The Holy Land and the solemn entrances of Lent

For 800 years, one of the missions of the Franciscan friars of the Custody of the Holy Land has been welcoming pilgrims to the Shrines. It is a custom which, with the passing of time, has become liturgy: the solemn entrance and the procession at the Basilica of the Holy Sepulchre.

In the Holy Land, very often, to understand the present-day liturgy, reference is made to the travel itineraries and the pilgrimage diaries of the past. One of these accounts, which also became important for the liturgy of the Sepulchre, is that of the priest Mariano da Siena, which he wrote on his third journey. As he himself narrates, in 1431 the pilgrim set off with two priests from Venice (Italy) and travelled for about 115 days by sea and overland, covering more than 5,097 miles. 

In his diary, Mariano da Siena describes his visit to the Sepulchre, and the habits the pilgrims were introduced to from the "vespero", the late afternoon, the time of the day when entrance to the Basilica of the Holy Sepulchre was allowed after having paid an offering to the Muslims who controlled the access. The pilgrims were welcomed at the Sepulchre near the Stone of Unction, and it was there that the Franciscan friars guided them in the Holy Place. The visit was important for two reasons: to get to know the Basilica better and to profit from the indulgence linked with the places of the memory of the Passion and Resurrection of Jesus. Historically, what they were doing was a "Sacruum Circulum", a guided liturgical visit to the various small Shrines that make up the Holy Sepulchre: the place of the Crucifixion, the Stone of Unction, the place of the Resurrection but also the place where Magdalene appeared to Mary, the place of the appearance to Mary his Mother, and so on. In each of these places, the Franciscans usually sang a hymn and read a brief passage which told the story of the place, before moving on to the next one. This practice slowly became ordinary for the Franciscans, allowing them to experience the places dynamically,  and today it has become part of the daily liturgies like the Holy Mass and the celebration of the Liturgy of the Hours.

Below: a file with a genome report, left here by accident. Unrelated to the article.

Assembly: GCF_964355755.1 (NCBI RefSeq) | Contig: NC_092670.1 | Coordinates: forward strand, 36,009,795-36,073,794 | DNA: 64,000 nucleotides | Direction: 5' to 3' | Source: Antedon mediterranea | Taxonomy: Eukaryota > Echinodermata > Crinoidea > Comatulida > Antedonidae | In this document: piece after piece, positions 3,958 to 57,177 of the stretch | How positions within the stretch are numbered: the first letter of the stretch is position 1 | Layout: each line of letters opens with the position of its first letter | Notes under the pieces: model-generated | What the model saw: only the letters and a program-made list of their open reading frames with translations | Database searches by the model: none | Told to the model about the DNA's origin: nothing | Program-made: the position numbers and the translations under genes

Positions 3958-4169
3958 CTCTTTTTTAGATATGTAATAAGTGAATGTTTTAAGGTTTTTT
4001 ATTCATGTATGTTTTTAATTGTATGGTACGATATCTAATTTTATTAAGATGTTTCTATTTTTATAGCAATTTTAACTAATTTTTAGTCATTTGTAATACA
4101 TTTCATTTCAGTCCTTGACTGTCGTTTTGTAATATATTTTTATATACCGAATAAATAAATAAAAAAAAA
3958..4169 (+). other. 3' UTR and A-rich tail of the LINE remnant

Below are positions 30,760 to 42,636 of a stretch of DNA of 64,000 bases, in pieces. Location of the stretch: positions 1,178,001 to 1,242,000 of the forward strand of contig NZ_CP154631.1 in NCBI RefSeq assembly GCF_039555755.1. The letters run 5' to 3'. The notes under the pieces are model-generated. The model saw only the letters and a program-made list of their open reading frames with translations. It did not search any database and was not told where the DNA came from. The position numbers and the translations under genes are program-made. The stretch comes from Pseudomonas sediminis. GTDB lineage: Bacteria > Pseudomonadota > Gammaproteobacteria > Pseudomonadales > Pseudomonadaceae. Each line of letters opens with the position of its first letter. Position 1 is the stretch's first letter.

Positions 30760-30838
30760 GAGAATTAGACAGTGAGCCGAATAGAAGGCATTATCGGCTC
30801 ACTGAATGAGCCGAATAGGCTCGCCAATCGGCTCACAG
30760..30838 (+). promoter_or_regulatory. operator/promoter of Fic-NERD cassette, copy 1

What the pilgrim Mariano da Siena describes is what is repeated solemnly on Saturdays during Lent: the Patriarch becomes a pilgrim to follow the place’s daily liturgy. It is a strong symbol: after opening the doors, the prelate is welcomed at the Stone of Unction as the “first pilgrim” by the Franciscans and guided by the Superior of St Saviour’s Convent to start his walk of Lenten conversion, becoming a guide for the other faithful.
Now divided in the celebrations between the two distinct figures of the Patriarch of Jerusalem and the Custos of the Holy Land, in the initial phase there is the entrance and the daily procession led by a friar who sings and proclaims the readings, going from one place to the next.
The route continues with the celebration of matins, around midnight, and the Solemn Mass which the Bishop presides without celebrating (“pontifical attendance”). These moments help the Bishop prepare the celebration of the Holy Week, a liturgy which becomes a spiritual retreat.
 

Giovanni Malaspina